PreLaw - Back to School 2010 - 25
secure favorable results. Results that are increasingly unhinged from any actual educational or professional accomplishments,” Leiter wrote in an open letter to U.S. News in March. “The almost exclusive way in which a school improves its U.S. News rank is very clear: manipulation, trickery and, at worst, deceit.” Leiter said that “schools hire unemployed graduates as research assistants, hand out fee waivers to hopeless applicants to improve their acceptance rates, inflate their expenditures data through creative accounting or simply fabrication, cut their first-year enrollment (to boost their medians) while increasing the number of transfers (to make up the lost revenue), and so on.” But, he said the larger problem is how they weight the data in their rankings computation. “U.S. News has 12 different factors with different weightings,” he said. “No one can explain why it is weighted [the way it is]. Some of the underlying data is useful to look at. For example, bar pass data is useful. But what they do when they massage and combine the data together is very hard
to explain in a sensible way.” For example, Leiter said it is hard to understand how the amount of money a school spends on utilities impacts the quality of education. But, U.S. News factors money spent per student into its equation. Other critics have questioned the heavy weight afforded to LSAT scores, or the use of reputation surveys. “You’re relying on the authors to weigh the factors that will affect your decision, and their criteria might not be yours,” said Greg Brandes, dean of faculty and law professor at Concord Law School in Los Angeles, one of the few law schools not ranked by U.S. News & World Report. But, as Heather Gerkin, a law professor at Yale Law School pointed out in a recent article, there is value to rankings. “[U.S. News & World Report rankings] are powerful and they are imperfect,” Gerkin wrote. “There is good reason to demand that they improve or to try to create a better ranking. Nonetheless, it is a mistake to use the U.S. News & World Report ranking as an excuse to demand an end to ranking. Even an admittedly flawed ranking, like this one, has its merits. Ask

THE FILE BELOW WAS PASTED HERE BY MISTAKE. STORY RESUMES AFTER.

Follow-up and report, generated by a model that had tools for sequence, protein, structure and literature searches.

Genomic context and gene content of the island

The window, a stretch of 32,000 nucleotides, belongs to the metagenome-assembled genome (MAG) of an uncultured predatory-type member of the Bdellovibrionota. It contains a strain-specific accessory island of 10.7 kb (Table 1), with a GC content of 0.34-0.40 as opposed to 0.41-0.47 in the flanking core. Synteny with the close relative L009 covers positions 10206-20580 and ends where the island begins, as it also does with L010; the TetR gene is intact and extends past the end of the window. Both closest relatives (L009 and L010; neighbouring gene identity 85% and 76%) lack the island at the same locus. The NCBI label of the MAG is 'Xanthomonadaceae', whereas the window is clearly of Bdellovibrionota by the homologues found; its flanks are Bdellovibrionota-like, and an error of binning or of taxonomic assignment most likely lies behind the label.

yourself, for instance, whether a world without the U.S. News is really as attractive as some make it out to be. It is not hard to imagine college students basing their choice on far sillier criteria.”
So, how should applicants use U.S. News?
Elie Mystal loves rankings. After all they make good copy. Mystal is an editor at Above the Law, a Website that describes itself as “a legal tabloid, covering the legal profession’s most colorful personalities and powerful institutions.” At Above the Law, Mystal regularly writes about law-school rankings, particularly those created by U.S. News & World Report. His commentary this year definitely gives the impression that rankings matter. • Mystal wrote: “Given the legal economy, prospective students should clearly be shooting for law schools in the top15.” • Regarding the top 5 law schools, he
A wider perspective:
What the legal community expects from a law school devoted to the big picture.
Creative, versatile graduates with panoramic vision for today’s complex legal challenges.
Back to School 2010